20 Comments Leave A Comment


Adam says:

July 14, 2009 at 2:21 am

Hi Alex, this is great, looks infinitely better than Microsoft Project. Brings to mind the military saying, “No plan survives first contact.”


Christopher Meeks says:

July 14, 2009 at 6:32 am

I think you are right that we have a wonderful ability to apply our craft to almost any challenge as an avenue to success.

But for a thesis project in a MFA program, I believe you have a unique opportunity to address the design field as a whole. There are millions of projects about something other than design. Very few actually address it.

Someone with your talents should aim to make use of that small pool of design projects about design. If you do something really amazing (which is a strong possibility), it will make even more waves.


It will likely be a more challenging project because your content creation will have to be second-to-none. Designing will be the easy part – in comparison.


Jaythan Elam says:

July 14, 2009 at 7:57 am

Info porn is so glorious. I love that you posted this. The design of the plan is just as important as the plan itself.

BTW: It’s killing me that I can’t place the compressed typeface you used in this piece. Could you please tell me what the name of the face is?


Chris says:

July 14, 2009 at 10:25 am

Love the layout. I’m a sucker for well design graphs n’such. Good luck with your masters and don’t get burnt out over the whole thing. Be passionate about it, but remember to have fun too. The whole school umbrella can really block the imagination at times.


jen says:

July 14, 2009 at 11:15 am

great work yet again alex. i love all your stuff. the film festival project was just awesome and this infographic is fabulous as well. you have quite a good design sense about yourself. good luck!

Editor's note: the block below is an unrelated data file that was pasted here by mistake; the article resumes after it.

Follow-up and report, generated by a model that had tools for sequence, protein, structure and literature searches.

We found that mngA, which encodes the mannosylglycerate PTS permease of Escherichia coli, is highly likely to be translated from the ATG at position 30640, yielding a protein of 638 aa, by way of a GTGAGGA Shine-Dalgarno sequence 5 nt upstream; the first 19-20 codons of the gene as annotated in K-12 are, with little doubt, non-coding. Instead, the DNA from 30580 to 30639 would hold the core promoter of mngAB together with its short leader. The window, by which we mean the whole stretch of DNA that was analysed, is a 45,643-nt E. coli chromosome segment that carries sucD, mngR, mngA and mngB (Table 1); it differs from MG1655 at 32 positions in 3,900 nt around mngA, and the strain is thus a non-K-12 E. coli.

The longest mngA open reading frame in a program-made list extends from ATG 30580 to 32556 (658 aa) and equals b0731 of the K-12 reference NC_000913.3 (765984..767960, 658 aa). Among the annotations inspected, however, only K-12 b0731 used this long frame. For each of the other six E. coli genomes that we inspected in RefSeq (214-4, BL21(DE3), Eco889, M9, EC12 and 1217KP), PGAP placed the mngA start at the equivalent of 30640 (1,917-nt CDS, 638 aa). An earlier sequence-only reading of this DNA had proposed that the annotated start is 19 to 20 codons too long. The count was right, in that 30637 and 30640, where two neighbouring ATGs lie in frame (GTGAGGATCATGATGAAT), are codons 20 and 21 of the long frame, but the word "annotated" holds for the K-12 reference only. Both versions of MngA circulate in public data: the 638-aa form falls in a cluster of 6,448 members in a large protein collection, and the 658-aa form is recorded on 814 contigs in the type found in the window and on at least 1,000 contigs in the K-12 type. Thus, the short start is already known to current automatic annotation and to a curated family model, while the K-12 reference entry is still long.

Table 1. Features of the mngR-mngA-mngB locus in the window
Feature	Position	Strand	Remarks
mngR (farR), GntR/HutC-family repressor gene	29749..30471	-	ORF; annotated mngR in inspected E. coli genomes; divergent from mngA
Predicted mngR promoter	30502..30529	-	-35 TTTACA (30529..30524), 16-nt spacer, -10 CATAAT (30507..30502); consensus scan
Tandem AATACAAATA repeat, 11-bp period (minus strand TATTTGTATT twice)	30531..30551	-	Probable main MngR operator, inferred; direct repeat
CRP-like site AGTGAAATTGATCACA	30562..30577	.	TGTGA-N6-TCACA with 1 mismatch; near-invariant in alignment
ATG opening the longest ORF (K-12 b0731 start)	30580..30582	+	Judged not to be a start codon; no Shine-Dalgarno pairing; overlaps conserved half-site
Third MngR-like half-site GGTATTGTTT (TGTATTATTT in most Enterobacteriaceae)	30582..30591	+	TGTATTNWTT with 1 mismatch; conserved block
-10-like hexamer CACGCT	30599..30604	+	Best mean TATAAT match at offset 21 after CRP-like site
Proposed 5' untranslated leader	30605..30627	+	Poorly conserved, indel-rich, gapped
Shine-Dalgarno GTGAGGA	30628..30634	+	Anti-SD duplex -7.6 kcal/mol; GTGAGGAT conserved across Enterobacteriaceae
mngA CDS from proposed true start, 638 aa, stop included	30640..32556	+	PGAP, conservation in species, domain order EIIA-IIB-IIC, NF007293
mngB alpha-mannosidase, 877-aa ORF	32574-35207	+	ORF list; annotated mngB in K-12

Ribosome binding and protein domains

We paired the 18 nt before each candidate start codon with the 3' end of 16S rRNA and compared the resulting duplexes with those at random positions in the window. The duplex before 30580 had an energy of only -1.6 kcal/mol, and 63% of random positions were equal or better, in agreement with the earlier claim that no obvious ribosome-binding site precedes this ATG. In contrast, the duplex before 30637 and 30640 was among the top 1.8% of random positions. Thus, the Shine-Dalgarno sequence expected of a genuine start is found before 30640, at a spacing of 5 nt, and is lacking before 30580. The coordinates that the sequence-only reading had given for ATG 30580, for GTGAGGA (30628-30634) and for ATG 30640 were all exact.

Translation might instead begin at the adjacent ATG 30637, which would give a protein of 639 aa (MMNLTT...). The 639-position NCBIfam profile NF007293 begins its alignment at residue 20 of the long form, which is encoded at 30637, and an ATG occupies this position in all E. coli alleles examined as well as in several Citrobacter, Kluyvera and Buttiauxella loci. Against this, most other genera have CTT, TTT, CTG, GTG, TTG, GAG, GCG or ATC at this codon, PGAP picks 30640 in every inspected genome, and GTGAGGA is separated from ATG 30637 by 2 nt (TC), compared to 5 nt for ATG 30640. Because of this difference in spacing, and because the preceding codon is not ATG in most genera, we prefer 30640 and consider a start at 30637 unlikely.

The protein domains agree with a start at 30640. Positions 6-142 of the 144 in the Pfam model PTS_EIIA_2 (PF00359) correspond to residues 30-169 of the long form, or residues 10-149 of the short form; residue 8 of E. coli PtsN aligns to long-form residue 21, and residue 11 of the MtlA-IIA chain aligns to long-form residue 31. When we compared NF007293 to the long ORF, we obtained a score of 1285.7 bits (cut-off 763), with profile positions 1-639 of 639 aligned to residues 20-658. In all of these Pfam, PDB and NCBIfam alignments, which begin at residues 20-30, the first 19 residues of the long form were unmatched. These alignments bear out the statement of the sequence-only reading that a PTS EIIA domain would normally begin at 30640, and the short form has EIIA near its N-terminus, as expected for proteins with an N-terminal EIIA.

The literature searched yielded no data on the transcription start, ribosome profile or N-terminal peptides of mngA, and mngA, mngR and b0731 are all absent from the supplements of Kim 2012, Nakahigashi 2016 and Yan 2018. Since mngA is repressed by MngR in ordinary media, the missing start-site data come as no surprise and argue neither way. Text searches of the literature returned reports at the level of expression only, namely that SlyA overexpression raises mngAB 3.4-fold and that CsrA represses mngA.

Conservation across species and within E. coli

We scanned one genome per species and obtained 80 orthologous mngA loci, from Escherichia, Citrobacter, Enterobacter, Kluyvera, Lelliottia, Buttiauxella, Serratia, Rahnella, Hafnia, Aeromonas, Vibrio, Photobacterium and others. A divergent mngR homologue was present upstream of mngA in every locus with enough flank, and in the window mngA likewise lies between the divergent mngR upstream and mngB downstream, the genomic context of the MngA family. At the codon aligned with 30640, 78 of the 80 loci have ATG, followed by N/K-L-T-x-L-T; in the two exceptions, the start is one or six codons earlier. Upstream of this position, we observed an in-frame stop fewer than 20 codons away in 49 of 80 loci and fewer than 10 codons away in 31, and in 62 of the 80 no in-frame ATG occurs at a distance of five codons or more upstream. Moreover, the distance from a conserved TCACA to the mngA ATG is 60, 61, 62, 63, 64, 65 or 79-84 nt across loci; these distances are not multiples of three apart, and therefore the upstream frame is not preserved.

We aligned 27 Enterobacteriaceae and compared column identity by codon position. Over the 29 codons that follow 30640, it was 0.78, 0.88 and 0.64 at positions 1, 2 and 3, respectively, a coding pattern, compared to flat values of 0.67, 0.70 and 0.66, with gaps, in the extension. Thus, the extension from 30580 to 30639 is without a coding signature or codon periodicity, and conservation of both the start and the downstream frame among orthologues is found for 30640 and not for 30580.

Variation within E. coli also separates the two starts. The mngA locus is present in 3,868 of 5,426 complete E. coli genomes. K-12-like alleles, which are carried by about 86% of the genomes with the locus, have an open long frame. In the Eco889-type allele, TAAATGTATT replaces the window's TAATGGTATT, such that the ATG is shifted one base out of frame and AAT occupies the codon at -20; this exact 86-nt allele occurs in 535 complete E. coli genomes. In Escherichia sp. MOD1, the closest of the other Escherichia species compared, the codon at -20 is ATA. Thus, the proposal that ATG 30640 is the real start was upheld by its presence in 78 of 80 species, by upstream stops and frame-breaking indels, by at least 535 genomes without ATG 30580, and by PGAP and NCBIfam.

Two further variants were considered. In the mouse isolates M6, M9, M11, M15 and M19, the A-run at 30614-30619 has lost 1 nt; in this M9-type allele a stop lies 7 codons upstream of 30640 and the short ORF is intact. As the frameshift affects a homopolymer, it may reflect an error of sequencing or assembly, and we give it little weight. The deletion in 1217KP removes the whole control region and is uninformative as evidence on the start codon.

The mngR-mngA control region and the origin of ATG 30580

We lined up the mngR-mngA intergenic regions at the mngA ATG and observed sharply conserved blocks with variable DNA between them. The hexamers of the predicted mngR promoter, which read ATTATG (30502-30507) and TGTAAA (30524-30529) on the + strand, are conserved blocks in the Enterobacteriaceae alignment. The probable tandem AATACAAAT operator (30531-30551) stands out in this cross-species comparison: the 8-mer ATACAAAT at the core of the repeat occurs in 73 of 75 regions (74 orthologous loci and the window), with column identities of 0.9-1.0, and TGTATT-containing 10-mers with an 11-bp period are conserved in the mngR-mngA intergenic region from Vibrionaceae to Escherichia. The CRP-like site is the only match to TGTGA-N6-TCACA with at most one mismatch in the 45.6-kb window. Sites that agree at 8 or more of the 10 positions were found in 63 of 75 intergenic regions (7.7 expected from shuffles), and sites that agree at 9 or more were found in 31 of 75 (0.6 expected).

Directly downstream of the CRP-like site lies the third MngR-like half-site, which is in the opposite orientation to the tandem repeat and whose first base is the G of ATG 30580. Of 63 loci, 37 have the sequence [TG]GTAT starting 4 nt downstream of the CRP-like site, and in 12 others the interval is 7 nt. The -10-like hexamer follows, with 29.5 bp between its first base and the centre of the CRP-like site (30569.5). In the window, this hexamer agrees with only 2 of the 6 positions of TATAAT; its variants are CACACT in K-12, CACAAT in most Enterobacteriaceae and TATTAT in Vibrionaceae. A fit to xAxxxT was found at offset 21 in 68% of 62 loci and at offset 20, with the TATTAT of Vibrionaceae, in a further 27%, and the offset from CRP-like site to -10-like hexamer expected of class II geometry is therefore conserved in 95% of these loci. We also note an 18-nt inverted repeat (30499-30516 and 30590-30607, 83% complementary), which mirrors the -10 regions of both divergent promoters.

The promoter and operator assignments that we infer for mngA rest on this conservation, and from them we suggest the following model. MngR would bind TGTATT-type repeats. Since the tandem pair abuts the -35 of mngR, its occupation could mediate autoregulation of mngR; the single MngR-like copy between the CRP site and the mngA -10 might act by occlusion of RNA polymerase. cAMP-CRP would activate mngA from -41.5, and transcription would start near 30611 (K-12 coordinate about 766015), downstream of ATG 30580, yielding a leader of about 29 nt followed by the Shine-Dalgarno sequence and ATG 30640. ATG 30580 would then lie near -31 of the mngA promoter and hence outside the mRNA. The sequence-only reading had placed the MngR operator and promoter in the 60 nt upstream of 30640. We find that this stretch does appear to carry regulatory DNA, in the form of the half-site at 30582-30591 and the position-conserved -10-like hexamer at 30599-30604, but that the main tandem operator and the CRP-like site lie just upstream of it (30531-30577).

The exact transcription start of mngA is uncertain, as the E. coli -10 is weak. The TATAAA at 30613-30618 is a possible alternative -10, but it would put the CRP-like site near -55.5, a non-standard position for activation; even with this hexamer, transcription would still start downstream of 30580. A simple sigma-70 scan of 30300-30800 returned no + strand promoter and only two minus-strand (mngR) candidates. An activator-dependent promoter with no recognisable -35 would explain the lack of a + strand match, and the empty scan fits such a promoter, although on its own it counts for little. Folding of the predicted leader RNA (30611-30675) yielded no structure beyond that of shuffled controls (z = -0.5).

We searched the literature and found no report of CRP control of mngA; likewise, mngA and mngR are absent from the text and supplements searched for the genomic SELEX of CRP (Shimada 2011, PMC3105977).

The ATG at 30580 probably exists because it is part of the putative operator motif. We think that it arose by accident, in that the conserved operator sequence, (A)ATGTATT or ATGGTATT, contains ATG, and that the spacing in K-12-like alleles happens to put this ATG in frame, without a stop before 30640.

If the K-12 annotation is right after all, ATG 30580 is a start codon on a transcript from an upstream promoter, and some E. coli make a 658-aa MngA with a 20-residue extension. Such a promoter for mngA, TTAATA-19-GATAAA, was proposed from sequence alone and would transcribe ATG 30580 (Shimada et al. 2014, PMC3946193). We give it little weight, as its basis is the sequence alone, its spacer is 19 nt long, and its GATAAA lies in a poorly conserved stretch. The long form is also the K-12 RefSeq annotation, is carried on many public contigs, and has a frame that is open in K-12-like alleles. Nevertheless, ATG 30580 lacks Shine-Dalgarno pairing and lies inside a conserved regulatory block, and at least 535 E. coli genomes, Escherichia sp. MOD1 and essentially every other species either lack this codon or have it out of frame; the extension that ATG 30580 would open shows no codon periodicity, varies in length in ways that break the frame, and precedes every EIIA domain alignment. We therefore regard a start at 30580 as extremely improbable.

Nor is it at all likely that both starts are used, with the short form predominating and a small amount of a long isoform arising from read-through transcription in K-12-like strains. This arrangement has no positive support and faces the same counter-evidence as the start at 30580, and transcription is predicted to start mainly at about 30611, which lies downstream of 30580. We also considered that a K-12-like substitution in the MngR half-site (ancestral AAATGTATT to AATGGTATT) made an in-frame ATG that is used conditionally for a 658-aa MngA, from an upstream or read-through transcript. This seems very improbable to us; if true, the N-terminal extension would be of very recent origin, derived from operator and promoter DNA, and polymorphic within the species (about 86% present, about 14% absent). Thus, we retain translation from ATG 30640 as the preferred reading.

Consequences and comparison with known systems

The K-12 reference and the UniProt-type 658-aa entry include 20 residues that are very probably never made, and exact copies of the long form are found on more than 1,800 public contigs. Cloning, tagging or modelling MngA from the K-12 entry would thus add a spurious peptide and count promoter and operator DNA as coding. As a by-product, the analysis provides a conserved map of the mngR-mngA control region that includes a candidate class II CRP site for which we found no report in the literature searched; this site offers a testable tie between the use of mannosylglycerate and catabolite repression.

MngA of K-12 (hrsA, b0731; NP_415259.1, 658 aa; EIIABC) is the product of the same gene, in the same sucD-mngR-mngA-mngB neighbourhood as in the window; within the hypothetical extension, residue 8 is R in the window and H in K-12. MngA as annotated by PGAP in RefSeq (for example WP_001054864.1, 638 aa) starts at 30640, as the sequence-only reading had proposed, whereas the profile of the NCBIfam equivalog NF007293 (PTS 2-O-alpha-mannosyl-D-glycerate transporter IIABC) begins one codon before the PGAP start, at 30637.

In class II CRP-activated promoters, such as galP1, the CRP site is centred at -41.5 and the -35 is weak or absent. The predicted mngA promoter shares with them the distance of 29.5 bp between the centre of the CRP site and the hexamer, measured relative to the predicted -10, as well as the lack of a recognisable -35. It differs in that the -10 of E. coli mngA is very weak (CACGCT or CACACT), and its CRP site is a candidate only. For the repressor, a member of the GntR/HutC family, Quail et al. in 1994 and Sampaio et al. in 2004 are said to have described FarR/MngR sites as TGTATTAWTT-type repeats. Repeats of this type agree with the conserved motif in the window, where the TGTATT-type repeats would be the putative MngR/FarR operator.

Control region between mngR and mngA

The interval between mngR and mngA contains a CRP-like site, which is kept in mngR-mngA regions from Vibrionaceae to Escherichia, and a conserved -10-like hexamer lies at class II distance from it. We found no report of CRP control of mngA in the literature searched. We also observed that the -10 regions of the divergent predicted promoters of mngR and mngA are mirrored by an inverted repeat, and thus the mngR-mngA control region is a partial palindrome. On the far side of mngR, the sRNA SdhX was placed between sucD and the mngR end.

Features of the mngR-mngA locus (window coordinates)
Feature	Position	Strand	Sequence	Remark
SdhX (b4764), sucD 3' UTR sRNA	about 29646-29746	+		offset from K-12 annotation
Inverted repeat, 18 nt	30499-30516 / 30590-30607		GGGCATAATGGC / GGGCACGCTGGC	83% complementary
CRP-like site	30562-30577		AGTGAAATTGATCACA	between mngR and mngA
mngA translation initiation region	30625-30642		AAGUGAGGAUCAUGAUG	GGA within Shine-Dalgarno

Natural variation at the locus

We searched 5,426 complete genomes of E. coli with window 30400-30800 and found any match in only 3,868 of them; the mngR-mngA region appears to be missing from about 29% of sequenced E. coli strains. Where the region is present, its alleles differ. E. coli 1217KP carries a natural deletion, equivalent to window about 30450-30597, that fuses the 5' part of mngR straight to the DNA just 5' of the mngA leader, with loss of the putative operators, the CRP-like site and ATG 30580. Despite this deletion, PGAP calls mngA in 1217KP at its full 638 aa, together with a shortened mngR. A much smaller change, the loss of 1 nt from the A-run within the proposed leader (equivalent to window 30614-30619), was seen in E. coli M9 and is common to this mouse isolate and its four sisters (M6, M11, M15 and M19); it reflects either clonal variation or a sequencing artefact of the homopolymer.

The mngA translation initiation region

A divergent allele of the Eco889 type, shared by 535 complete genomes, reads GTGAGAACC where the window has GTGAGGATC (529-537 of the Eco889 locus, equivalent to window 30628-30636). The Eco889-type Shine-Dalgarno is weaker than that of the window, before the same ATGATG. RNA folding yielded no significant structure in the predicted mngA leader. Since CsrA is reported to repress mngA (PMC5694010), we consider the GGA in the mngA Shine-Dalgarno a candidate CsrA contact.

Mark C. says:

July 14, 2009 at 11:20 am

I echo *completely* the sentiments of Christopher Meeks–the feedback he offered is spot on!

Good luck with your project (sending positive energy your way)! It sounds interesting & fun and grueling all at the same time.


Sasa D. says:

July 15, 2009 at 6:00 pm

I wish you luck. The only thing I’m going to tell you is not to get lost in the magnitude of the project, you might want this to be amazing and something people will remember, but you are doing this for yourself and the best thing to do sometimes is just doing something. Make sure you stay grounded and have fun too.

All the best,



Becky says:

October 13, 2009 at 9:19 pm

Nice work! I am in the MFA program at the Academy of Art as well and I’m about the tackle my midpoint review. Congrats on passing! I’m still working on a developing a concept. The whole thing can seem so overwhelming at times, but what a priceless way to strengthen our design sense!


Si says:

February 2, 2010 at 5:37 am

This is something that I always intend on doing, but like you said, you just normally open Illustrator and go for it until it looks cool!! That’s how I usually work but I guess planning does have its advantages!!!
keep up the good work.


Jerry says:

October 25, 2010 at 7:32 am

nice sir, but can you recommend me a nice topic for a graphic and multimedia artist like me?

please email me sir.thank you